Sitting in a cafe with two other mums I had only recently met the conversation came around to yoga friends, and by turn, yoga in common. I soon realised that the common ground of our practice of yoga was thin and scrubby though not unfamiliar. Neither of the other mums knew I was a yoga teacher until later in the conversation. I began simply by listening. I am always interested to learn what motivates people to try yoga, their experience as beginners, and what motivates hem to stick with it, or rather, to stick with a particular teacher.
There were three main motivating factors: to get fit, to feel great, and the observation that those who practice yoga radiate positivity. And, three main insecurities: not being good at it, not being flexible enough, and not being a naturally relaxed person. There was also an obvious tension between thinking that if you don’t go at yoga hard and strong then you’re not getting a good workout and the realisation, conscious or unconscious, that the teachers who pushed you the most were often the ones who “forced your body into positions that you weren’t ready for.” With those teachers who took their students slowly, bringing more sensitivity to the postures, there was the feeling that it was a cop out even though slow didn’t automatically equate with easy.
What is yoga? Is it a work out, a form of exercise to improve your physical fitness? Is it going to make you stronger and more flexible? Do you have to be good at yoga to do it? What if you’re a person who can’t relax?
Yoga is not a high-impact cardiovascular fitness workout, but it will make you stronger and more flexible in your body and – major added bonus – in your mind. You don’t have to be good at yoga to do it, either. That’s not the point. A sensitive teacher, and a sensitive personal practice, will encourage you to be where you are now, today, in this moment, with this body. When you accept your body and yourself in this way, you let go of comparison judgement and progress by scales. A practice that works is one that cultivates the qualities of lightness, aliveness and feelings of possibility and spaciousness. If leaving a yoga class, you feel lighter and more alive in your body, and more spacious in your mind, then you have probably found the right teacher. If you feel heavy and dense in your body, your muscles twisted, pulled and stretched, then you may need to try elsewhere. Find another way. This is taking responsibility for your practice, rather than handing yourself over to the perceived ‘expert’ without questioning the effect or valuing your own experience and intuition.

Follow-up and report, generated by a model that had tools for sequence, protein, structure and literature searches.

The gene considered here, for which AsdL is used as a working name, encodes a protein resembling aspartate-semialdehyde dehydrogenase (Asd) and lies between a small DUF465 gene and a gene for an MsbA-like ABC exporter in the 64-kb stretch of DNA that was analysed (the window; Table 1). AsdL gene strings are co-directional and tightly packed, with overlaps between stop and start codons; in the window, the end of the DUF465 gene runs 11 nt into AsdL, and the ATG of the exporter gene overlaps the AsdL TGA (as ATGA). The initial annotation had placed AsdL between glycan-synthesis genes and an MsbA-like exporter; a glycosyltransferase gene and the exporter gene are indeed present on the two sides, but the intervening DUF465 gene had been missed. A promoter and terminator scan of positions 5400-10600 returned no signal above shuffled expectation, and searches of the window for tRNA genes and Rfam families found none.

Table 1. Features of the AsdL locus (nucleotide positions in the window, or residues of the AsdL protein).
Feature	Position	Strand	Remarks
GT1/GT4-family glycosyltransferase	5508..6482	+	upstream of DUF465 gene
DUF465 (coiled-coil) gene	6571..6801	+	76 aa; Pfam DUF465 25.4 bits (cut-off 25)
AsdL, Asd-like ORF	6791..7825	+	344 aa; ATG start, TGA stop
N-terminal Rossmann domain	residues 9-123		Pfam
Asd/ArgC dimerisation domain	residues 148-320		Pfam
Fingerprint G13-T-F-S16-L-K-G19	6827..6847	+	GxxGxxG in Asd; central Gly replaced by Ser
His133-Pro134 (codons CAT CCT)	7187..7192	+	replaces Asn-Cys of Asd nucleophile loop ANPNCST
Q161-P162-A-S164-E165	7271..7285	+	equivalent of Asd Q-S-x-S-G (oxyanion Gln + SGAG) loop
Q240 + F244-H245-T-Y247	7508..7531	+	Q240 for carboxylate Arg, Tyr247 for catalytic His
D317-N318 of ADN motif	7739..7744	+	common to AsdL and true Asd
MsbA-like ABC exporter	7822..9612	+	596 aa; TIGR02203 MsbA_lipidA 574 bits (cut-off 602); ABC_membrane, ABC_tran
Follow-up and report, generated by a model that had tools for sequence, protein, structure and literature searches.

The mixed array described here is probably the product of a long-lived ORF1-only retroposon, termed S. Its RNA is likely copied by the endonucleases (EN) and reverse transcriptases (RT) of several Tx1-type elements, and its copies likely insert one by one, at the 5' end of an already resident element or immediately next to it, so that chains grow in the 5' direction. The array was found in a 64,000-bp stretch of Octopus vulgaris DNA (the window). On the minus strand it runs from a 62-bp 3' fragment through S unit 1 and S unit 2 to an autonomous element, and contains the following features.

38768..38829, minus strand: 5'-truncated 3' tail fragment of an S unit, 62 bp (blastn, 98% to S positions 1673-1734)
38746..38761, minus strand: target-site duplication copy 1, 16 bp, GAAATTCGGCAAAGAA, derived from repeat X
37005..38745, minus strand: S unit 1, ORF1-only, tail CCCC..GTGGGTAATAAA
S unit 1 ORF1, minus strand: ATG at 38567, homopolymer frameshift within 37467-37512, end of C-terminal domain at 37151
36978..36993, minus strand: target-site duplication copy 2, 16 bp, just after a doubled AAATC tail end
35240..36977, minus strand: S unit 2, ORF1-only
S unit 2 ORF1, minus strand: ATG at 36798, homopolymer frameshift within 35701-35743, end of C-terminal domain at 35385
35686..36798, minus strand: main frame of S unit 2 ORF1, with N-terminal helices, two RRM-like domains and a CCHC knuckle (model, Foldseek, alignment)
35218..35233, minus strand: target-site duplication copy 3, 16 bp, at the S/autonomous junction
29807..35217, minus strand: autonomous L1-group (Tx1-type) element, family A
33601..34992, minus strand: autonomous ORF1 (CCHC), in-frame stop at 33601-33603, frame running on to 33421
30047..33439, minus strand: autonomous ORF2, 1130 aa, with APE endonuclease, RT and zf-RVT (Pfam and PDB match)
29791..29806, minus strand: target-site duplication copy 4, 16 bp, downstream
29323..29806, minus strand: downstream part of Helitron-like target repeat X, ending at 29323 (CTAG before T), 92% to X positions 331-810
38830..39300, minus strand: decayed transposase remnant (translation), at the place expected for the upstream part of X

Yoga is a tool for living. I could run, dance, surf, garden all day. But, I couldn’t do yoga all day. I don’t need to. As one of my teachers, Gary Carter, says: “Yoga is a practice that enables you to live well into your life.” Yoga brings sensitivity and awareness to every aspect of your life so that, by listening, you can engage in ‘fitness’ (or any other activity that you love) in a way that does not harm, but instead works with your body in a healthy and whole way freeing you up to feel stronger and enjoy life for longer. You don’t need to be good at yoga to attend a yoga class, but you feel good from doing it.
What about this relaxation thing? I think confusion here arises from a general confusion about what relaxation is. We have the idea of relaxation as a kind of unproductive vegging out. This is a throw back to the cultural consciousness of the Industrial Revolution which viewed productivity as good, idleness as bad. Yet, it’s quite possible to be relaxed and busy. Rest is crucial, and our body needs it regularly. Relaxation is a choice. We can be relaxed even though we have a full schedule, and we can choose to relax even when faced with a challenging or stressful situation. Relaxation is a letting go, an allowing. It’s more a state of mind, which affects the state of our body, than the position we adopt – lying down on the sofa in front of the TV – or the conditions of our environment – a minimalistic spa with attentive handmaidens. We create the conditions within ourselves so that we can relax whenever, wherever. And, yes, this is a practice.
Vanda Scaravelli, in her inspired book Awakening the Spine, puts it eloquently: “To relax is not to collapse, but simply to undo tension… It is not a state of passivity but, on the contrary, of alert watchfulness. It is perhaps the most ‘active’ of our attitudes, going ‘with’ and not ‘against’ our body and feelings. There is beauty in acceptance of what is.”
My first premise is always to listen. In the future, however, my suggestion to those two beautiful new mums in the cafe would be – before you conclude whether or not a yoga class is a good workout, get clear about your intentions. What am I hoping to gain from this class? What is my intention for coming today? If you want to do something that is going to raise your heartbeat and make your muscles strong and hard, go for a trail run, join a buggy fit class in the park, swim, do a fast-moving activity that you love for the love of it. If you want something that’s going to enable you to workout faster, harder, for longer, and help you feel more relaxed, alive and loving while you’re doing it, then choose yoga.